Never mind that no one, nobody, not any living human being has made a gelatin mold since the late sixties or early seventies—the early seventies only if they didn’t get the message any sooner that molded Jell-O scares babies and small house pets, and are usually made with things no one would otherwise eat.
I remember hearing the cook at my parents’ opulent California house talk about the gelatin molds that my mother insisted on serving to my parents’ equally snooty nouveau riche upscale circle of wannabes and friends. We kids were considered too unsophisticated and unworthy to have any, to our relief. Of course, she had to put her own pretentious twist on the dessert so that only those who were trying to impress each other would dare to eat it.
Lemon Jell-O with a ring of black caviar on a bed of salmon in a mold shaped like a fish. Orange gelatin with truffles shaped like a pig. There was no limit to what my mother insisted could be done with Jell-O. According to the cook, if it was stinky and expensive, it got featured in gelatinous form.
When Barbara, the cook who lived with us until my early teenage years, told me about the lobster bisque gelatin mold, I just knew I’d never look at sea food the same way again.
Well, here we are years later. It’s nearly forty years since those copper and aluminum forms have disappeared from the back corners of second hand stores.
A few weeks ago, my dad got a call that some things from the house in California were in storage and that no one had claimed them or inquired about them since my mother died. Oh. Yeah. Her precious things that she didn’t want harmed while she was plotting the destruction of my family and trying to financially ruin Lex.
A crate arrived at my dad’s and we all convened in his garage to see what was inside. Why my father didn’t just have it burned…but, he said, “There might be some things of value, or from your childhoods that you might want to keep or pass down.”
Excuse me for sounding ungrateful, but these are things that my mother had safely locked away while she pillaged and plundered our emotional well beings for the last decade of her life. Okay. Fine. Let’s see what there is in—gelatin molds? A crate full of molds. All shapes and sizes. Gelatin molds. Really? A crate full of gelatin molds. I hate to speak ill of the deceased, but my mother had been bat-shit crazy for years!
Martha, who seemed to be the only one who knew what to do with the things, took one of the larger ones home and promised to make a dessert we would all like. And she did. It had lime Jell-O, whipped cream, a light sponge cake, more whipped cream, more Jell-O and cherries dotting swirls of whipped cream on the top.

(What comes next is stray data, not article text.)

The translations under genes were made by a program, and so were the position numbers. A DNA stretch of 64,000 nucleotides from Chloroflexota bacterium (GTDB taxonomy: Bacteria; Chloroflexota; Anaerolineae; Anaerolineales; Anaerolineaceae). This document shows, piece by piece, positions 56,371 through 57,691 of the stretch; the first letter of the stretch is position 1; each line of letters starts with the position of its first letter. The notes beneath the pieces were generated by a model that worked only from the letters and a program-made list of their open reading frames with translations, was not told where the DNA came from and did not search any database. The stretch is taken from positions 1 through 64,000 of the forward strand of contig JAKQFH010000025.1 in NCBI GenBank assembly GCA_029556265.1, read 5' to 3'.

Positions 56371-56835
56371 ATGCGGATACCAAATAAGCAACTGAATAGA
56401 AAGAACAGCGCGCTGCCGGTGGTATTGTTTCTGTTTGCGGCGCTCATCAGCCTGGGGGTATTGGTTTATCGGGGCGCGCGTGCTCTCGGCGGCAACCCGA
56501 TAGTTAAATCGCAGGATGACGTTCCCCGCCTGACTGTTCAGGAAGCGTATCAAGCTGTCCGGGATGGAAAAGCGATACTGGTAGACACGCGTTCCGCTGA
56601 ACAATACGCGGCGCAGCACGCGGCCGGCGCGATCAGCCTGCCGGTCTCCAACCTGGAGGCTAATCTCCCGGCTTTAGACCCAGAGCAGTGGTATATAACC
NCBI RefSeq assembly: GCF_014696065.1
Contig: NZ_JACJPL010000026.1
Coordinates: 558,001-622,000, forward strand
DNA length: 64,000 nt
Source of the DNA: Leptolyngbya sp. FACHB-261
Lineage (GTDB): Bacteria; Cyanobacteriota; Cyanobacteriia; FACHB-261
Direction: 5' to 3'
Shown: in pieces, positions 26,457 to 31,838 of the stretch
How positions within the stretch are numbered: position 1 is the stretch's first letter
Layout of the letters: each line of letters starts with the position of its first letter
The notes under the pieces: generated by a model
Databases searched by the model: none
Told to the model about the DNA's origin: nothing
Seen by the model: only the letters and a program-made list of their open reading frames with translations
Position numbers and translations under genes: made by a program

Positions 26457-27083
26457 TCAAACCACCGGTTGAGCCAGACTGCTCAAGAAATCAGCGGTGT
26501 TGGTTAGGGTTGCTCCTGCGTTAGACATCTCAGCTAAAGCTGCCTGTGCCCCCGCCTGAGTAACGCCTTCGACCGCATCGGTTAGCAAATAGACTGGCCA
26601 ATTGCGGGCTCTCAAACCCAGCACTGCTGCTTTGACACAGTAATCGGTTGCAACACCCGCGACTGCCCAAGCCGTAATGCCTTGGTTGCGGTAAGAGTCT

Well now, if it’s going to be like this, I say, bring them back! Let’s have more desserts like these. No shrimp or shredded carrots in my Jell-O. I want whipped cream and sponge cake.
We were gathered around the dining table, “mmming” and “awing” over the light, yummy dessert, when Eddie started making sounds like a race car. Everyone was distracted by their desserts, so no one noticed that he was sitting in his high chair, spinning a bowl of Jell-O upside-down on his head. “Vroom, vroom”.
I pretended not to hear either Eddie or the mumbled curse words that Lex uttered when she realized that I was not about to abandon my dessert to clean the little guy up. Lex cleared her throat a time or two, but I pretended to be so lost in the dessert that I was beyond reaching. Lex went to the kitchen and returned with a towel and dampened washcloth, armed to do battle with our son’s jello covered head and, now, torso, since he managed snag a bit of his sister’s treat and rubbed it on his tummy.
He’d already finger painted the wall next to his high chair with the whipped cream and cherry juice. And a glob of dessert, just right for his little bare feet, had landed close enough to the chair so that when he was taken down, he was able to plant his feet in the mess and squish it between his itty bitty toes.
Oh what the hell.
Lex will clean him up.
“Mmm? Isn’t this a wonderful dessert? Thank you, Martha.”
“C’mon, Amanda. Are you going to make me clean this mess up all by myself?”
“But you know, Martha, it comes no where near your apple pie and peach cobbler? Think we could have some any time soon?”
Martha was snickering and Charlie was pretending to scrutinize the ceiling’s paint job.
“You’re not fooling me, Missy!”
“Of course, that would mean I’d make that fried chicken you like so well, Charlie.” I am a horrible, horrible woman. But I’d had my turn already that day when it was cottage cheese and peaches in the bowl that spun on Eddie’s head.
Suddenly, Lex leaned in very close, until she was close enough to my ear to nibble on it. I shuddered. She always has that effect on me. Zero to ninety in a split second of her touching me.
“You know, Amanda. I may just be too tired tonight to go any further.”
She chuckled as my eyes widened and Martha leaned into Charlie and whispered, “She’s toast”.
“Why, Master Edward Walters! What have we here? Lex, why don’t you go finish your dessert and I’ll clean our son up.”
I hurried off with our little guy and, for the second time that day, plopped him down in the tub and started running the bath water while undressing him.
I could hear the laughter from the dining room at my expense, but I really didn’t care. If my wife ever bit gently on your ear the way that Lex nips on mine and whispered what she whispers to me, you’d know why.